High and Low Carbohydrate Diets Linked to Increased Mortality

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After multivariable adjustment, there was a U-shaped association between the percentage of energy consumed from carbohydrates and mortality.
After multivariable adjustment, there was a U-shaped association between the percentage of energy consumed from carbohydrates and mortality.

HealthDay News — Both high and low percentages of carbohydrates in diets are associated with increased mortality, according to a study published online Aug. 16 in The Lancet Public Health.

Sara B. Seidelmann, M.D., from Brigham and Women's Hospital in Boston, and colleagues examined the correlation between carbohydrate intake and mortality among 15,428 adults aged 45 to 64 years in four U.S. communities from the Atherosclerosis Risk in Communities (ARIC) study (conducted between 1987 and 1989). In a meta-analysis, ARIC data were combined with data for carbohydrate intake reported from seven multinational prospective studies.

The researchers found that there were 6,283 deaths in the ARIC cohort during a median follow-up of 25 years, and 40,181 deaths across all cohort studies (432,179 participants). After multivariable adjustment, there was a U-shaped association between the percentage of energy consumed from carbohydrate and mortality in the ARIC cohort; the lowest risk of mortality was seen for a percentage of 50 to 55 percent energy from carbohydrates. In the meta-analysis of all cohorts, greater mortality risk was conferred with low (<40 percent) and high (>70 percent) carbohydrate consumption versus moderate intake, consistent with a U-shaped association (pooled hazard ratios, 1.20 and 1.23 for low and high carbohydrate consumption, respectively). When carbohydrates were exchanged for animal-derived fat or protein, mortality increased, while it decreased when the substitutions were plant-based.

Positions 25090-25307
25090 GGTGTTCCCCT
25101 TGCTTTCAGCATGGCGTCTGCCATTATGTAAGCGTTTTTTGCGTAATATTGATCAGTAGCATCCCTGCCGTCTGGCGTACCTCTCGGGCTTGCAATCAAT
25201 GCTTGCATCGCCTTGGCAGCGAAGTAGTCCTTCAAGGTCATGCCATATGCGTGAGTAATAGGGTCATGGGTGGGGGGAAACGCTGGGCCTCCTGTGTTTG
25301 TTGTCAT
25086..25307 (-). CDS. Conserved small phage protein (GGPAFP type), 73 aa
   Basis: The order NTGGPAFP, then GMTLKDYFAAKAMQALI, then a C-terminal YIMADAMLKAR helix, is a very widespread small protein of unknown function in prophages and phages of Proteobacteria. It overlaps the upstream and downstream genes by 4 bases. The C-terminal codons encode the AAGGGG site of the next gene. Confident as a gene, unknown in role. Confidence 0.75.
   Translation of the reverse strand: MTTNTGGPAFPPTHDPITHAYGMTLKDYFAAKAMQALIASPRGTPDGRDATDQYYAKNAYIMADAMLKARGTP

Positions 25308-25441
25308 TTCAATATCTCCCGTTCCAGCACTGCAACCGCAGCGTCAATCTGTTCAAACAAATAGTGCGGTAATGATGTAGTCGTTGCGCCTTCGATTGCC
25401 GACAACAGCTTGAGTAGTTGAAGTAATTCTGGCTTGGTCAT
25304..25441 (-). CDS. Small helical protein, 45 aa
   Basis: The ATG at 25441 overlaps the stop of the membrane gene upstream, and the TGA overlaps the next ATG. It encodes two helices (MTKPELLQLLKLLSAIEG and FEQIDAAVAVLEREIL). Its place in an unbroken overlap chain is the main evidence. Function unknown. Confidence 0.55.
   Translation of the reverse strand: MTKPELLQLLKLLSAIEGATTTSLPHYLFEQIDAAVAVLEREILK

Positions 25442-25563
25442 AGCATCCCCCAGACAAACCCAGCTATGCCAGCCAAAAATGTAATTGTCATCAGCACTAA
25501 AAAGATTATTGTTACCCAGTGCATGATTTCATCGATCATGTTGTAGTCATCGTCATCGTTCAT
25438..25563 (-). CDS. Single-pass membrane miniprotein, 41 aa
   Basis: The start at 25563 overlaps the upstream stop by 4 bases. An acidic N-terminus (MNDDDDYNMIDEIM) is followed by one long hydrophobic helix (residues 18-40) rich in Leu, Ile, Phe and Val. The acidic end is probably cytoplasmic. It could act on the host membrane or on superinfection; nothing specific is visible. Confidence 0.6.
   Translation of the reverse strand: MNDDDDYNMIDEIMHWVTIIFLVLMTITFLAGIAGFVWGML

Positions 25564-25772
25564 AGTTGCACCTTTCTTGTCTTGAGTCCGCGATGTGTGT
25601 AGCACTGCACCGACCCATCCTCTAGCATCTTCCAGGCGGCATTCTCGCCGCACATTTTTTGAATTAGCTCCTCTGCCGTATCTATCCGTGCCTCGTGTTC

"The source of food notably modifies the association between carbohydrate intake and mortality," the authors write.

One author disclosed financial ties to the pharmaceutical and nutrition industries.

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